Good as the first half had been there’s a keen anticipation for the playing of “The Album” in full in the second half. The album may all be there – but the order has been changed and the set starts with the album’s closer, Andy Irvine’s spiritedly sung ‘Martimas Time‘, with Paul joining in the singing of the a cappela introduction before adding whistle. It’s a classic song, the farmer’s daughter unwillingly made to promise to visit a troop of soldiers in camp turning the tables on them by dressing as a soldier boy and being turned away “and she took the garters from her knees the ribbons from her hair-o / she’s tied them around the quarter-gates as a token she’s been there-o“.

Fred Finn’s reel‘ got it’s name, Kevin Burke shares, because it’s a reel written by a man called Finn. It’s a cracking dance tune, played with great pace, and paired with ‘Sailing into Walpole’s Marsh‘ makes for a great hand-clapper and a toe-tapper of a tune set, enlivened by Donal Lunny’s bodhrán. Coming mid-set Paul Brady’s finger picked ‘Arthur McBride‘ was never likely to be less than a gig high-point, with Brady’s powerful vocal and precise and complex finger-picked guitar. And the song itself – one of the jewels of the folk music firmament. A song which, when Dylan sings it he sings the Paul Brady version. As Donal Lunny interjects as the applause final dies away “well, that’s a show stopper“.

And there’s very much a feeling of how will they follow that? Well, with the one oddity of the ‘Andy Irvine / Paul Brady’ album, the contemporary ‘Autumn Gold‘, another song from Andy Irvine’s Balkan journey. It’s a song that Andy Irvine confesses he wrote in part to impress a girl he was madly in love with, and that he finally managed to share his feelings for her by singing it to her alone. It didn’t work, but it did produce this wonder of a song, complex in sound, heart achingly sad at the bitterness of farewell “time to leave my friends behind / I leave this town with you on my mind / the dead leaves are burning / the year is decaying / winter returning no use in delaying“. It replaces the ecstatic joy from ‘Arthur McBride‘ with a silent solemnity which is, in its turn, met with huge appreciation. Another show stopper.

It’s a little ironic that ‘Streets of Derry‘ came from the singing of Shirley Collins – it’s a bittersweet recounting of a girl’s attempt to save the life of her true love who is condemned to be hung. What makes it such a fascinating song is the change of perspective in the penultimate verse to the eyes of the man waiting to be hung “What keeps my love, she’s so long a-coming? / Oh, what detains her so long from me? / Or does the think it’s a shame or scandal / To see me die on the gallows tee?” with the last verse rapidly moving from a third person view back to the young woman’s perspective “He looked around and he saw her coming / As she rode swifter than the wynd / I’l let them see that they dare not hang you / And I’ll crown my love with a bunch of green“. And what makes this version so poignant is that there’s no clear indication that the hanging is prevented – it’s this ambiguity as well as the elegantly mournful tone of the tune that make this such a fine song.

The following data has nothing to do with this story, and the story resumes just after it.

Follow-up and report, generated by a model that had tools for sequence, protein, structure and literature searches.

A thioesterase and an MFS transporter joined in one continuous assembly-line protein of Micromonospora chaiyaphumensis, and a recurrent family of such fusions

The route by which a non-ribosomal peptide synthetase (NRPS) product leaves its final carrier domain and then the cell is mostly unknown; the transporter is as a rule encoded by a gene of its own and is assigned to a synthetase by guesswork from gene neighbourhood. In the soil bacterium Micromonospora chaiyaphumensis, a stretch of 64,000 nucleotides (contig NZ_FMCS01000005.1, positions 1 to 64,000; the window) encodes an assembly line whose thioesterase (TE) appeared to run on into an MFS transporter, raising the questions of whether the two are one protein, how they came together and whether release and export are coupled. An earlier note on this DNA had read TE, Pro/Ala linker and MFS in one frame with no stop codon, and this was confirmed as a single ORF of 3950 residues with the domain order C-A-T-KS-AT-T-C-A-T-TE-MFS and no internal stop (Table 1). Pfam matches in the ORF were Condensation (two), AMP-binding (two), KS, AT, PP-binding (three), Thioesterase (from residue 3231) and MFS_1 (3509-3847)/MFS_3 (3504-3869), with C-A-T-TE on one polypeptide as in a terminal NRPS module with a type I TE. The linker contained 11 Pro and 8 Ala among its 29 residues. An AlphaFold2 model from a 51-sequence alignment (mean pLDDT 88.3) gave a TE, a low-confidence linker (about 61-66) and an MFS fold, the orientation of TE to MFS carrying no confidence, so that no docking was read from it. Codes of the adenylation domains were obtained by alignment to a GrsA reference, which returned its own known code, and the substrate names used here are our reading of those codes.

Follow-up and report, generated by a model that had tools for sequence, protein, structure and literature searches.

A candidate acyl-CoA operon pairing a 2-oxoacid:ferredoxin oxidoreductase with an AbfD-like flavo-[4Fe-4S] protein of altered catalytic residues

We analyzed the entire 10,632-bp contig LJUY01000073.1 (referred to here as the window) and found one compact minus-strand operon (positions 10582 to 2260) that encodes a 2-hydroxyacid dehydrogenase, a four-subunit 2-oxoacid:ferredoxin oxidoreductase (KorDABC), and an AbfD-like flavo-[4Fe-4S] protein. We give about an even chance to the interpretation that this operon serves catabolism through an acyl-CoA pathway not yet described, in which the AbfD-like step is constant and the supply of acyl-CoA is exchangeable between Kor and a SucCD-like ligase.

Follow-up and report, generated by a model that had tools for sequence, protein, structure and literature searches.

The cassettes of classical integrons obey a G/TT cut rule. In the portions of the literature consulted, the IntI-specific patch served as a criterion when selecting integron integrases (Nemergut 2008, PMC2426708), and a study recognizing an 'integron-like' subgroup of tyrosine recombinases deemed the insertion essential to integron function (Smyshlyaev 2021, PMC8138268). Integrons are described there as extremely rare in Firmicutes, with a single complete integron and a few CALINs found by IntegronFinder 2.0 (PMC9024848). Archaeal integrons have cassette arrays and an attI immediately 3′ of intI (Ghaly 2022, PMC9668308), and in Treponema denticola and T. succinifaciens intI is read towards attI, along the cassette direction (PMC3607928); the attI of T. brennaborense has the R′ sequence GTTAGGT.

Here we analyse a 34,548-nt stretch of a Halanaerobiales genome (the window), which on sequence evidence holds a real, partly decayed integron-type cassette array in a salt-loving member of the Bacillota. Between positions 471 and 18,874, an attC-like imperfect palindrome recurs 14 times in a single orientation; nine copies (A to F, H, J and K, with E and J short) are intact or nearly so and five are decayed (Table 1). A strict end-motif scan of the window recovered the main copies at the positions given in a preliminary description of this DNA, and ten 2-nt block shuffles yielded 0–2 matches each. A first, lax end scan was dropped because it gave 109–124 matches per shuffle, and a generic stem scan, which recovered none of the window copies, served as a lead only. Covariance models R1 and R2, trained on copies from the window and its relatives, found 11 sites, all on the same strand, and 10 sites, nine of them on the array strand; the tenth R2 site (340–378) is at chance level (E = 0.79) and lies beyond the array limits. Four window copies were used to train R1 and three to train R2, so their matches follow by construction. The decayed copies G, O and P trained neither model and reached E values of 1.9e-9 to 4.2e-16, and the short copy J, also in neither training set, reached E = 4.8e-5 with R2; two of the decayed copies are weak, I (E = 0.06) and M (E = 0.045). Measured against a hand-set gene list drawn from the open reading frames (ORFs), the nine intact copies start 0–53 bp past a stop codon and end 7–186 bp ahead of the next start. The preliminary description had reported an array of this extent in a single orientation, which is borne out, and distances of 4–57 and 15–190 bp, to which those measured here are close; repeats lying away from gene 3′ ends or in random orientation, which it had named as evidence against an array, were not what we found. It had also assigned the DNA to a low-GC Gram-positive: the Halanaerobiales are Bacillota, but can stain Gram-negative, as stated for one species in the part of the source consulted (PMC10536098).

Closing out the gig saw several standing ovations – richly deserved – for a group of musicians that had demonstrated beyond any doubting why this forty year old album they’d collectively shaped had been, and continues to be, so revered. It remains a benchmark for quality in folk, and this performance had done nothing but enhance that status.

Set List

Heather on the moor
O’Donoghues
Lord Thomas and Fair Ellender
Stensons Reels
Baneasa’s Green Glade
Cocks are crowing
Farewell Indiana
Wearing the britches
The Blacksmith

<Interval>

Martimas Time / The little stack of wheat
Lough Erne Shore
Bonny Woodhall
Fred Finn’s Reel / Sailing into Walpole’s Marsh
Arthur McBride
Autumn Gold
The Jolly Soldier / Blarney Pilgrim
Streets of Derry
Mary and the soldier
Plains of Kildare

<Encore>

The Braes Of Moneymore
Paddy’s Green Shamrock Shore

And….an earlier performance that only really changed in hair styles…

Author: Jonathan Aird

Sure, I could climb high in a tree, or go to Skye on my holiday. I could be happy. All I really want is the excitement of first hearing The Byrds, the amazement of decades of Dylan's music, or the thrill of seeing a band like The Long Ryders live. That's not much to ask, is it?